Inclusive Practices in Alzheimer’s : The Geographic Exclusion
Dr. Hilda Goins, Dr. Tonya Smith-Jackson
Industrial and Systems Engineering
The south is the highest ranking geographic region with death rates recorded related to Alzheimer’s Disease. Often and sometimes, the phrase Alzheimer’s disease is used as the umbrella term that describes the process of mental deterioration of persons who are usually 55-85 years or older. Those affected exhibit a wide range of negative behaviors such as agitation, disengagement, and unpredictable outburst. The decline in the use of everyday skills can make it difficult for the caregiver to attend to and properly care for the person suffering from the disease. In return, this puts an immediate strain on the caregiver, which can result in improper care of the person with dementia. The Behavioral and Environmental Sensing and Intervention for Caregiver Empowerment (BESI) research team, comprised of researchers and medical personnel from the University of Virginia, Carillion Medical Center/Carillion Clinic, and North Carolina A&T State University, records and assesses agitation episodes. Using caregiver centered technology, the purpose of this research is to eliminate or reduce the effect of agitation by determining which environmental factors are more prevalent during the episodes and communicating this information to the caregiver. Moreover, African Americans make up 58% of persons with Alzheimer’s disease2. Therefore, it is important that when research is conducted, African Americans and all regions of the south must be considered. However, most of the families encountered throughout the BESI Project have been upper middle-class Caucasians located in Roanoke, Virginia.3 It can be inferred that there are numerous reasons why minorities have not been a part of Alzheimer’s- related research. At the conclusion of this research, I will identify the key reasons why the Southern region of the United States reports a sharp incline of Alzheimer’s related disease compared to other regions. Furthermore, I hope to identify why African Americans have not been exposed to research studies such as the BESI Project, while identifying new methods to connect with African American Communities.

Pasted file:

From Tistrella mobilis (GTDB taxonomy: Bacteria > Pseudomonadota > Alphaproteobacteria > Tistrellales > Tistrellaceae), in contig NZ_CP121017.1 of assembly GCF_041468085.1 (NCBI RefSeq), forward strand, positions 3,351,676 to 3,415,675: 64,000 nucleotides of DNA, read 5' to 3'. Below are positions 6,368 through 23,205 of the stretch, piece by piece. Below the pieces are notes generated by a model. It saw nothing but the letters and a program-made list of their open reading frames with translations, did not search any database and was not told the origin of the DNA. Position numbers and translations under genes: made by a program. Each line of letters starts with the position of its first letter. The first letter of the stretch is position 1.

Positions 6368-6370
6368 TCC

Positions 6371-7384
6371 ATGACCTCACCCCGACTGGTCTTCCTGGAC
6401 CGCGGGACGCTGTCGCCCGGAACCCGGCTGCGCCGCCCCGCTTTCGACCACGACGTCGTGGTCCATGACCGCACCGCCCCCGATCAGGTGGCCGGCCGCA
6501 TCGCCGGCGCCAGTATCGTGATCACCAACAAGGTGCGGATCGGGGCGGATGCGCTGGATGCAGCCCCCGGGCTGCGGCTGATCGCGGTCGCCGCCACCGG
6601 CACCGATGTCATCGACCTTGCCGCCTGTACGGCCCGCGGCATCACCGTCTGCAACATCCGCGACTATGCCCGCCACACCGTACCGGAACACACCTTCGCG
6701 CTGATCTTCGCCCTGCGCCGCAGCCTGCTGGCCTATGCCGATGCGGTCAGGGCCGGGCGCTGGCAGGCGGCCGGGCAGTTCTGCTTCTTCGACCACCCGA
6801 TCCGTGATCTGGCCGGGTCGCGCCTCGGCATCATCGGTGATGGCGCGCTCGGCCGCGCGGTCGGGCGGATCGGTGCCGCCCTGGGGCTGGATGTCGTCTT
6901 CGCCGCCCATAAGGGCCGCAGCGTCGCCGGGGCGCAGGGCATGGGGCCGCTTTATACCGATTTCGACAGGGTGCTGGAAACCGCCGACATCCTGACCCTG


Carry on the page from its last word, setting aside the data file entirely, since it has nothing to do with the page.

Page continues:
Hood, Angelica, "Inclusive Practices in Alzheimer’s : The Geographic Exclusion" (2019). Undergraduate Research and Creative Inquiry Symposia. 126.